The Real Reason I’m Upset

Sang Tae is very upset that Kang Tae lied about the pipes. Kang Tae is very apologetic and he’s bracing for punishment from his brother. Except it all goes sideways as Sang Tae asks why Moon Young was in Kang Tae’s clothes. Oh my gosh, what is happening? Is he going to be upset about this? Yes and No. He’s not pleased that Kang Tae let her borrow such cheap clothes; he should have loaned her Sang Tae’s since they are nicer. Kang Tae is flabbergasted and says next time (Next Time!) he will give her Sang Tae’s clothes. Speaking of clothes, Ju Ri is mad because Kang Tae let Moon Young wear the clothes they bought together. She’s really upset because he only yelled at Moon Young. He only seemed to care about Moon Young and he even spoke casually to her while he is still formal with Ju Ri. It’s hilarious how the two women saw the same situation.

Moon Young, You Are Our Only Hope

So the horrible sexist book reviewer is suing the company and they end up taking huge losses. Not only that, but it seems that they owe money all over the place because of bookkeeping issues. With no other choice, Moon Young’s agent and his trusty sidekick have to figure out how to survive. They show up at the castle and move in with Moon Young. She’s got bigger plans though and those plans involve Kang Tae and Sang Tae.

Another Commission

Sang Tae is working on his mural for the stairwell when the Director comes by and smears paint all over the empty space. He’s trying to force the seemingly stuck Sang Tae to find a place to begin painting. All he does is make Sang Tae very angry. I’m with Sang Tae on this one, he’s an artist, and he was plotting in his head on what to do. It was really rude for the director to mess with his canvas. While he is working on his project, he’s approached by Moon Young who asks him to come back to her house. I knew something was up when she bought the caricature he drew of her. I also noticed that she stared at his drawings at the house for a long time. So when she hands him a contract to draw for her, I wasn’t too surprised. I feel like Moon Young treats Sang Tae differently than everyone else. She’s manipulative, don’t get me wrong, but she treats him respectfully. I feel like he is the only person that she sincerely respects.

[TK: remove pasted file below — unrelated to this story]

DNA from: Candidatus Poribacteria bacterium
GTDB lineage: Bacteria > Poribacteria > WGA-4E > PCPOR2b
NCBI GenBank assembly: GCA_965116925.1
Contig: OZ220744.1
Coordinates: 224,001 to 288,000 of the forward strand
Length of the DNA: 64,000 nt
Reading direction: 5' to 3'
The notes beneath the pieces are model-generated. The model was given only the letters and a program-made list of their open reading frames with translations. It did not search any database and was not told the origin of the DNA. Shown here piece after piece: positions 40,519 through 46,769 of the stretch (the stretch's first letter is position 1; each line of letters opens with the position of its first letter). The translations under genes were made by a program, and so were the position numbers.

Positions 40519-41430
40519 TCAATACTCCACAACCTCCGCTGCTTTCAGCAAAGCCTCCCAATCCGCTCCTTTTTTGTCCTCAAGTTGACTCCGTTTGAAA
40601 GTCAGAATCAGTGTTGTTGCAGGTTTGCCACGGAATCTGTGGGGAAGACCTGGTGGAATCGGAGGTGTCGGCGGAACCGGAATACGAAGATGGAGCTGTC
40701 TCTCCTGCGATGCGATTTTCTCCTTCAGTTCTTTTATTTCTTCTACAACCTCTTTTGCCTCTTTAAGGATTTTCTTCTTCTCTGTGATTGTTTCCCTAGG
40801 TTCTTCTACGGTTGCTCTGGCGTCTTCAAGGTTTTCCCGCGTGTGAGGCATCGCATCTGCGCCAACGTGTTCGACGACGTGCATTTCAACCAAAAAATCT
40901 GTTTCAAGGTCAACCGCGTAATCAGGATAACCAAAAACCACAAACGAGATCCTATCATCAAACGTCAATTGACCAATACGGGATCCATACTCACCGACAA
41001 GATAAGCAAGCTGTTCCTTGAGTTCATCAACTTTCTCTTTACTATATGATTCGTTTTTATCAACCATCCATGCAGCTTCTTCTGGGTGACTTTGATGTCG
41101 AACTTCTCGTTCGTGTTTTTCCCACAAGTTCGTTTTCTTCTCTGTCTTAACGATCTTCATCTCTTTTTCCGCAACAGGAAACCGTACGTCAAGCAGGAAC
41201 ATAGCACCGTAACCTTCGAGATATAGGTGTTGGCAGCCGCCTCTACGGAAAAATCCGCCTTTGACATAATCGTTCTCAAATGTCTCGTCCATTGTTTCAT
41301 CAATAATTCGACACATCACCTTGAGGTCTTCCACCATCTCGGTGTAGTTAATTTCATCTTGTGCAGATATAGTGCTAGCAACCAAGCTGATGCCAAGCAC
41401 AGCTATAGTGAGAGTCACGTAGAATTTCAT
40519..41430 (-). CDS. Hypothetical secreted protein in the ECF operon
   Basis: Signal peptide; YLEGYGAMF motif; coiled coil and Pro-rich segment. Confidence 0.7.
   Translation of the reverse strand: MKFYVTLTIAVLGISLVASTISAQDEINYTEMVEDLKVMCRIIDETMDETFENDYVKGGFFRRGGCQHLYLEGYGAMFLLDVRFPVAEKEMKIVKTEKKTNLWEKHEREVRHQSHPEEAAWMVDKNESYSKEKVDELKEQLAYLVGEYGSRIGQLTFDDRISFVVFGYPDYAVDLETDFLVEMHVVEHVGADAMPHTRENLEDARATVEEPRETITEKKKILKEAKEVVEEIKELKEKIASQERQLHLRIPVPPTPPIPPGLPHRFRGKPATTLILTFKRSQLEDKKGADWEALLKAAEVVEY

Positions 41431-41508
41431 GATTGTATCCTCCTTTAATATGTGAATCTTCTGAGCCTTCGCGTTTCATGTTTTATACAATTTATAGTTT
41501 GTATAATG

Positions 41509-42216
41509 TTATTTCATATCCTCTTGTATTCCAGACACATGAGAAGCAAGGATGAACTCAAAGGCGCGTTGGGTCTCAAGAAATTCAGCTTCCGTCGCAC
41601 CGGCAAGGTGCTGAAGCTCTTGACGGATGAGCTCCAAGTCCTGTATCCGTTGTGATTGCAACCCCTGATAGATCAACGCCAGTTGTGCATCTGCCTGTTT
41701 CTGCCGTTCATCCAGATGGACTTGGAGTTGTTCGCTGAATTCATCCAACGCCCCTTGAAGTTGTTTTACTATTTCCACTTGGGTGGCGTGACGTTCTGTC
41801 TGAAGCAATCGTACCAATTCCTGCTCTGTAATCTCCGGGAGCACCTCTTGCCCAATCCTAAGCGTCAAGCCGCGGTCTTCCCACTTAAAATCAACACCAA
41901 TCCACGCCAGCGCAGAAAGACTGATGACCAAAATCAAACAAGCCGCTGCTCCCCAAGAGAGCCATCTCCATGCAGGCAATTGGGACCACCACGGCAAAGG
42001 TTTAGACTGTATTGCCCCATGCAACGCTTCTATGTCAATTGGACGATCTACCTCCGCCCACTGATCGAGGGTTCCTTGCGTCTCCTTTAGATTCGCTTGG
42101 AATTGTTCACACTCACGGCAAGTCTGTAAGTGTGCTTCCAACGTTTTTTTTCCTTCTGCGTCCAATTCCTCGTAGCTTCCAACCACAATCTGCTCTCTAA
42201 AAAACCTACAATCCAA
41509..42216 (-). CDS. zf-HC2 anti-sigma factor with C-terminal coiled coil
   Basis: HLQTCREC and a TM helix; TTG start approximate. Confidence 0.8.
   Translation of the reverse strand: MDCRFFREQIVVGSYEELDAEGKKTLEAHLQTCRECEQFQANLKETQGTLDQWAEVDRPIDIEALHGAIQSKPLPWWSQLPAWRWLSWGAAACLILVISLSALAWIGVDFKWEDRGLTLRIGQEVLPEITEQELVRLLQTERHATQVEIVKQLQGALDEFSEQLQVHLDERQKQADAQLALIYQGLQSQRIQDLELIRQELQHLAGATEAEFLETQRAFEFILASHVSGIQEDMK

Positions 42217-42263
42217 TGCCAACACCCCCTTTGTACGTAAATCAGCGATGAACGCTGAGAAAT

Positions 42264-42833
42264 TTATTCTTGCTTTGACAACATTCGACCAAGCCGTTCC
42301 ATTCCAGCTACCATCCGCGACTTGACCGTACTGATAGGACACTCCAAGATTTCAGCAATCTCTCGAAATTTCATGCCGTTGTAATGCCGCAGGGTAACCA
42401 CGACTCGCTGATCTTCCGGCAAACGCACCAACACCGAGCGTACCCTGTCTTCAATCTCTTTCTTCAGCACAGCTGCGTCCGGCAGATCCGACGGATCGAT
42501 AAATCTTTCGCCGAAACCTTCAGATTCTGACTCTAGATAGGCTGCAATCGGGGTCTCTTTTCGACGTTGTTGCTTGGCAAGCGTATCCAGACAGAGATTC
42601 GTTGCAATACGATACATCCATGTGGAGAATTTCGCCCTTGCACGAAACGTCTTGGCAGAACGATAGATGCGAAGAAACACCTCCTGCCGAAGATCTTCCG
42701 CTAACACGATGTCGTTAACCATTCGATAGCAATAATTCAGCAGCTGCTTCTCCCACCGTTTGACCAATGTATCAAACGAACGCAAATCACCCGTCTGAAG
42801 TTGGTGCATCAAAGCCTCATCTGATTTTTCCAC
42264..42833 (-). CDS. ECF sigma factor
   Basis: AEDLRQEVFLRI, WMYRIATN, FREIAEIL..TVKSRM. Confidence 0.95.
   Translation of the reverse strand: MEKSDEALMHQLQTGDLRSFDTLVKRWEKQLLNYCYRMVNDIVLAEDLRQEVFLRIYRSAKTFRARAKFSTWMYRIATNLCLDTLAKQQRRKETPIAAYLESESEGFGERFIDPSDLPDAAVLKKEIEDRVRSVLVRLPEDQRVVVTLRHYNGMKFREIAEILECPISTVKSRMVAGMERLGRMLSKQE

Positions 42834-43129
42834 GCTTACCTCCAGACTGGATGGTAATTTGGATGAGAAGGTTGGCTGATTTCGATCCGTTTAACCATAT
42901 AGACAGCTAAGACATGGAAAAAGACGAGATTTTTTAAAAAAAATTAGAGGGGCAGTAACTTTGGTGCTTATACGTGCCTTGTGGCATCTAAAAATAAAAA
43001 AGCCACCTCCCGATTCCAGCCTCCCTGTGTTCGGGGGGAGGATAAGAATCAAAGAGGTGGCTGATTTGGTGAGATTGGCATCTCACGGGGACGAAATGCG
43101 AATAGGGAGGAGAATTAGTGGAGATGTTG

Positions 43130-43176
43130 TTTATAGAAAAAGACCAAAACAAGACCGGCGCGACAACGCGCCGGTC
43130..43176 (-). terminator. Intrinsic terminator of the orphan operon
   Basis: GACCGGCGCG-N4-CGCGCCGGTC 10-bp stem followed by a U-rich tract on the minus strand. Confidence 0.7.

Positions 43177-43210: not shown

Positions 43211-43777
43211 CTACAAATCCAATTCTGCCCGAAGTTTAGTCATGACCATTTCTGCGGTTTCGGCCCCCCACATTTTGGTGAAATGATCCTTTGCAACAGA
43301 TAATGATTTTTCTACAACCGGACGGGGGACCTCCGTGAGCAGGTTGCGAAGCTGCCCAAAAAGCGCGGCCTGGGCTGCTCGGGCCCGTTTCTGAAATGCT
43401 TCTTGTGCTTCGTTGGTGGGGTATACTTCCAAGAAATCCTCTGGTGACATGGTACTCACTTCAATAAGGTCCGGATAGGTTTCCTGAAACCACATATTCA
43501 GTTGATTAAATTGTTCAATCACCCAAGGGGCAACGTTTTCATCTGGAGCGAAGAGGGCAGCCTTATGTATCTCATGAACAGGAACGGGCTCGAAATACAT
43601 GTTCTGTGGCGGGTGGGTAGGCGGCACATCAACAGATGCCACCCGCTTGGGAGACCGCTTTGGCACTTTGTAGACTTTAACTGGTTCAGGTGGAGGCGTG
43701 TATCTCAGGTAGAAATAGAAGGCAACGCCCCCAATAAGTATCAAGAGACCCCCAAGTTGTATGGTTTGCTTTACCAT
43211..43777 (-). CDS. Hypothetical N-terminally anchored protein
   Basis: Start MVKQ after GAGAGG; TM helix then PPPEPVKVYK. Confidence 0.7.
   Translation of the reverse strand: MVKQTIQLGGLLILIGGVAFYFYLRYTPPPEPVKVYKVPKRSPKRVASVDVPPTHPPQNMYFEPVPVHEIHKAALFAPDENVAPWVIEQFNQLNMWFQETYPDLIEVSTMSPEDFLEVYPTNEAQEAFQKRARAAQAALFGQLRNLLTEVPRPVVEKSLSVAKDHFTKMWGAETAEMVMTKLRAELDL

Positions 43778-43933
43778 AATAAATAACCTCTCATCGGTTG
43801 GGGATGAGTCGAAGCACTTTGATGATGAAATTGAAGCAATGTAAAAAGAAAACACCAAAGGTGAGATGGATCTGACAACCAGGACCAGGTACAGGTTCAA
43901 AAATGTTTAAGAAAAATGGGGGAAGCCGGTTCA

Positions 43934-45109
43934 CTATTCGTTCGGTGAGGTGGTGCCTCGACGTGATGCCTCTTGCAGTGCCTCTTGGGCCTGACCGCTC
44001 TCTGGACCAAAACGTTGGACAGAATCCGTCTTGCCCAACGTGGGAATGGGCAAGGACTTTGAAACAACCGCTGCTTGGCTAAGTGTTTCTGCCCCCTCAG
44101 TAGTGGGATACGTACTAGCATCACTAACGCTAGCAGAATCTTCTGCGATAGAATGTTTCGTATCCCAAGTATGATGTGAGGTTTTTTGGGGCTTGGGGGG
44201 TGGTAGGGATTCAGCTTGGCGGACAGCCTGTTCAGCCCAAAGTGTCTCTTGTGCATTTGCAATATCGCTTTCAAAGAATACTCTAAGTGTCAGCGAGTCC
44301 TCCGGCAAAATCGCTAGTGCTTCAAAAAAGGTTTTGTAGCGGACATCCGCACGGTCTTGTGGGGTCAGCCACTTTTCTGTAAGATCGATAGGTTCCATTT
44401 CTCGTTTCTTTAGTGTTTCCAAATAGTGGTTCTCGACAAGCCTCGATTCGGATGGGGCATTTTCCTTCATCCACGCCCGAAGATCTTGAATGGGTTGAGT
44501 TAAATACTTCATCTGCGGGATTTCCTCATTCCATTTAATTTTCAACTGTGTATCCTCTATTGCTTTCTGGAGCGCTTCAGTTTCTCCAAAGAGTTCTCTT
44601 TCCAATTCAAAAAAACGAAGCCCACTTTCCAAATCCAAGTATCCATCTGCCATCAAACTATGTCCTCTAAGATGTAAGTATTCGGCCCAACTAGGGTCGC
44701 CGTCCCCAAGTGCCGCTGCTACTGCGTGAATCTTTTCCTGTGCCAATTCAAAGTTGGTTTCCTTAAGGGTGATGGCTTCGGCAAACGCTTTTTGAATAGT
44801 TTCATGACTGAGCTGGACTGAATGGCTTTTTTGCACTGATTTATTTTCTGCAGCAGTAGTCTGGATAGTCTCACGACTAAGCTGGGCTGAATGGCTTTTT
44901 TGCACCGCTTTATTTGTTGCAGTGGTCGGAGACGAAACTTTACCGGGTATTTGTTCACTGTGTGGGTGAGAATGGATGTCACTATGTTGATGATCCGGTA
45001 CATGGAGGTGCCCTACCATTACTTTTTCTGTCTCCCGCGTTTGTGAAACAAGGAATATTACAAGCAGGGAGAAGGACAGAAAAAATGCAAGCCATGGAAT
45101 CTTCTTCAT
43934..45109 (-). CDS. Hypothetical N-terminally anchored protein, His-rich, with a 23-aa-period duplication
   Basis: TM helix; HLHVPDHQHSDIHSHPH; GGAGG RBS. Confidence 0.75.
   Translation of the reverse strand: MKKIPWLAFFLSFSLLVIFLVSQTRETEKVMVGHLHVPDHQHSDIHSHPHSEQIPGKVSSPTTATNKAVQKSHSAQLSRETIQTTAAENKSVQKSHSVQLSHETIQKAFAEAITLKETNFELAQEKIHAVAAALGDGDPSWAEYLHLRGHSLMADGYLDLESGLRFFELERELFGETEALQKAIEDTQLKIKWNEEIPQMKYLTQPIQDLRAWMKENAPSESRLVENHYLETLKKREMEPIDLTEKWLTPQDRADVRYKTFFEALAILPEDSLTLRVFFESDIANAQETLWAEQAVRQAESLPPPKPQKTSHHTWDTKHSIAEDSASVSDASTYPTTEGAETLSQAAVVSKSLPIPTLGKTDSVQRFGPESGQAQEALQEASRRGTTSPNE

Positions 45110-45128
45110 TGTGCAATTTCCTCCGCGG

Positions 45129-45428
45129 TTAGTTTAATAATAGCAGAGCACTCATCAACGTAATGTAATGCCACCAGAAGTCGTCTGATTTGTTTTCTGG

Rapunzel and the Cursed Castle

We end this episode by bringing the previous relationship between Moon Young and Kang Tae out into the open. She tells him she has his brother and he says he knows where she lives because he’s been there before. She’s known who he is, but she didn’t realize he has recognized her too. She’s the person he cared so much for when he was younger. As he goes to get his brother, Moon Young tells Sang Tae a story of a girl trapped in a house. She meets a prince and falls in love, but her mother has told her she can’t be around people. So when he comes back to apologize to her for running away earlier in the day, she spurns him. She was all excited and happy and her mother stopped her on her way out to meet him. He, of course, doesn’t know this and he thinks that it’s because he ran away and was a coward.

My Thoughts

There is a lot to unpack in this episode. First, the OST is killing it. The music is just perfect for this drama. Second, I’m loving the way they keep including real fairytales into the story (I consider Romeo and Juliet to be a fairy tale too.) The mix of fantasy and reality is really working for me. We all know that he’s going to end up moving in with her because she’s gotten Sang Tae to sign a contract. I love, love, love that she’s convinced Sang Tae to be an illustrator for her next book. I’m looking forward to seeing what happens with this collaboration. Something tells me that the creepy castle on the hill may turn into a happier place.

Until the next story,


Dramas With a Side of Kimchi